• There's nothing to worry about. Facebook is too big to fail!
  • that you're asking that question at all is just fail
    • That's what I am thinking. The quality of the facebook pics are such crap anyway. Who in their right mind thinks that is where their original copies should reside. Keep one copy on your main drive, one backed up to an external, and another on a CD/DVD stored in a fireproof box. And do that with all important files.

    • > that you're asking that question at all is just fail

      In user-land it is. So, uh, maybe we should be asking the question?

  • Isn't that what this site is for?
    http://www.archive.org/web/web.php

  • by rwa2 (4391) *

    Same way with most of your sites... something like:

    wget -r -l 2 -p -k --load-profile [path to your mozilla profile for cookies and passwords] http://facebook.com/ [facebook.com]

    Play with the -l and --accept and --reject to filter out stuff you don't want... unfortunately facebook's undescripted URL format will make this difficult. But wget works quite well to backup your other blog sites, like livejournal, blogspot, and slashdot.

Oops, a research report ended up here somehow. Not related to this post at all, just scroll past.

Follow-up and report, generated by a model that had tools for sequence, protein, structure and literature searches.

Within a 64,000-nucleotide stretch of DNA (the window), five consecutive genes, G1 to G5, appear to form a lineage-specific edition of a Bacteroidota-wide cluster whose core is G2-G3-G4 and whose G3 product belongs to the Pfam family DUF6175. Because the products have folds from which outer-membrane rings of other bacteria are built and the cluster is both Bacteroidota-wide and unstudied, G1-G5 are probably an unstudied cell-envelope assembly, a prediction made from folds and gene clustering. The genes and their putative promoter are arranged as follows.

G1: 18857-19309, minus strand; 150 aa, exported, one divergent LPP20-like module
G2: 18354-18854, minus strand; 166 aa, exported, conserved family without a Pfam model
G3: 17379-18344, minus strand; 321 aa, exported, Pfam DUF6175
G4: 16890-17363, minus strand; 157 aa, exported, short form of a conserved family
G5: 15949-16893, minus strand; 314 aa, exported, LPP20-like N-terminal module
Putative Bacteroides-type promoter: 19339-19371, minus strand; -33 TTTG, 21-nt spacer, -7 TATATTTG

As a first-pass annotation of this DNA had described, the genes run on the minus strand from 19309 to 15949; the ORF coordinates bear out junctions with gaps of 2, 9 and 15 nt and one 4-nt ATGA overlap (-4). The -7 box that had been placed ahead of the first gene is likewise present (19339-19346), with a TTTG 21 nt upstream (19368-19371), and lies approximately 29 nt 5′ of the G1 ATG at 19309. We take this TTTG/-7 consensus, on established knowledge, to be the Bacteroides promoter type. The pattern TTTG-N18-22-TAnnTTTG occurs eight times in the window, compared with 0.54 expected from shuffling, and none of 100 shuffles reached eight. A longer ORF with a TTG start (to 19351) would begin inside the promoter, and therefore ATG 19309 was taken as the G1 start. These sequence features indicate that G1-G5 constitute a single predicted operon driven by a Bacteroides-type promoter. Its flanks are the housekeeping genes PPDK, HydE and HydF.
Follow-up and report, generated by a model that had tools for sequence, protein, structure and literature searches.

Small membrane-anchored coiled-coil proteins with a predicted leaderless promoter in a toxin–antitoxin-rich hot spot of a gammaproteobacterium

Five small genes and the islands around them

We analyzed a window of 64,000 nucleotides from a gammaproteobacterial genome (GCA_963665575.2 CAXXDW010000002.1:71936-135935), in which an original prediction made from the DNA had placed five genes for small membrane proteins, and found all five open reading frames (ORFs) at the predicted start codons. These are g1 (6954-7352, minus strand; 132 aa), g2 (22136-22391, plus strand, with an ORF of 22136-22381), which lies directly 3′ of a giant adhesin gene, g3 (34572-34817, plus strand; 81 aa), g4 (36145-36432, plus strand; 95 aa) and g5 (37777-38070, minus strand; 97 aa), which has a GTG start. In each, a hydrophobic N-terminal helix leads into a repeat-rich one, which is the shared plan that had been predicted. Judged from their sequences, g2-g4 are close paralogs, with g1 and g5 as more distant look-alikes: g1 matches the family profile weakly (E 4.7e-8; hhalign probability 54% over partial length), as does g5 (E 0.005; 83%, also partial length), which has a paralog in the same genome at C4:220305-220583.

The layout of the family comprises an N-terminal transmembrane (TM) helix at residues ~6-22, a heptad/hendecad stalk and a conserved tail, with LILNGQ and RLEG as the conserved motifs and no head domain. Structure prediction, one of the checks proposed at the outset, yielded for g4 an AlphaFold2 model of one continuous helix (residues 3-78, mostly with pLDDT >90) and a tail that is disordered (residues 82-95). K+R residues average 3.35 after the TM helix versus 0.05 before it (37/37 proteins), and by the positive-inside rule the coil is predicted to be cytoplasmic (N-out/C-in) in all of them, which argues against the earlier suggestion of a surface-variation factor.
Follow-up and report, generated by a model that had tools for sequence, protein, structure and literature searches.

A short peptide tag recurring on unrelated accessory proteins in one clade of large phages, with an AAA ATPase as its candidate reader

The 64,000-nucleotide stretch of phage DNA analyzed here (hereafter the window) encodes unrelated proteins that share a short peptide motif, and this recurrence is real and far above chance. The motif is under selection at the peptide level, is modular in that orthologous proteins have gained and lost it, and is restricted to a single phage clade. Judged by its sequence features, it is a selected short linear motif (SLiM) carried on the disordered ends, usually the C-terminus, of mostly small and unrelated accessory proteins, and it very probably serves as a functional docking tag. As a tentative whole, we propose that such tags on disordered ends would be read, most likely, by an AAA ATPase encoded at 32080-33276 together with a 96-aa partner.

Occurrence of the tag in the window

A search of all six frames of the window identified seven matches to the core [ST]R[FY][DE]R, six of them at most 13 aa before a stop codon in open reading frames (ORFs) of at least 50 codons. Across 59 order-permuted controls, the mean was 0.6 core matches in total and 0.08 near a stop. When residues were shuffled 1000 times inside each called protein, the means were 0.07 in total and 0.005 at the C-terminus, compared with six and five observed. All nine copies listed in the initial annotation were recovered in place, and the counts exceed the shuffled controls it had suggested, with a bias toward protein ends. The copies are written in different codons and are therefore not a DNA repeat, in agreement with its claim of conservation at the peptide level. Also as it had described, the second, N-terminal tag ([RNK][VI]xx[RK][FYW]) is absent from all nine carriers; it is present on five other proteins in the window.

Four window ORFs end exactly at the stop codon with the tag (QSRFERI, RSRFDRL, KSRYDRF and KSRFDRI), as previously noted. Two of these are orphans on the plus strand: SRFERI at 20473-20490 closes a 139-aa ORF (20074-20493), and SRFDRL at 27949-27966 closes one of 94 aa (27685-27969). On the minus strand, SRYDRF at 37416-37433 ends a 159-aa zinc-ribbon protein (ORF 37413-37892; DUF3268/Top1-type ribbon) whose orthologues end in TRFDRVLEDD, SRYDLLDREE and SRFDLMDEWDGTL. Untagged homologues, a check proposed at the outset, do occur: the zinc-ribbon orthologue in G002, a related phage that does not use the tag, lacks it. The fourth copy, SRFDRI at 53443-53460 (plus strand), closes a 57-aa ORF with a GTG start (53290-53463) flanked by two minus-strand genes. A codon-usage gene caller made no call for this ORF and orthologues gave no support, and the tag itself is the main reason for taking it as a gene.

As for myself, I only ever post to facebook via twitter (which also crossposts to buzz and li

  • Why would you want to remember every post and every tweet and every picture? Its a DAMN good things that there is data loss at least for the mundane. I don't want people seeing everything I first posted when I from my first websites and my first forays into the web. LET IT DIE ALREADY YOU FRIGGIN INTERNET VAMPIRES!
  • by c_jonescc (528041) on Thursday March 03, 2011 @05:43PM (#35373702)
    I use Picasa instead of FB for photos.

    1) I trust the longevity more. Feel free to disagree.
    2) I can upload full resolution images.
    3) My friends can download full albums of full resolution images if I've set privacy settings accordingly.

    When people post images on FB, I'm always bummed that I can't backup the high quality image myself, and these days people seem to email around photo backups of events far less, and simply tag people on Facebook.

    As far as backing up: I have everything important at full res in Picasa, in the cloud, I have them on my computer HD, my iPhone syncs full resolution copies daily, and I keep a regular external HD backup. That all seems pretty safe to me, especially compared to simply expecting FB to keep the sole copy forever.
  • The question is primarily a proof of stupidity on the side of the Facebook user.

    First, when you uploaded it you must have had the original, why didn't you save it?
    Second, contact Facebook as an advertiser and/or marketeer and they will hand you anything you want (for a price).
    Third, ask your favourite 3- or 4 letter agency for info on terrist X...

    And lastly, when you wake up from the stupor that made you place all that personal info on Facebook you will find it's impossible to remove what got out on the

  • Buy a new one every 3 years for $100 and put all your crap on it.
    br. Even better, buy two and keep one in a storage bin or at a relatives in case of a fire or something.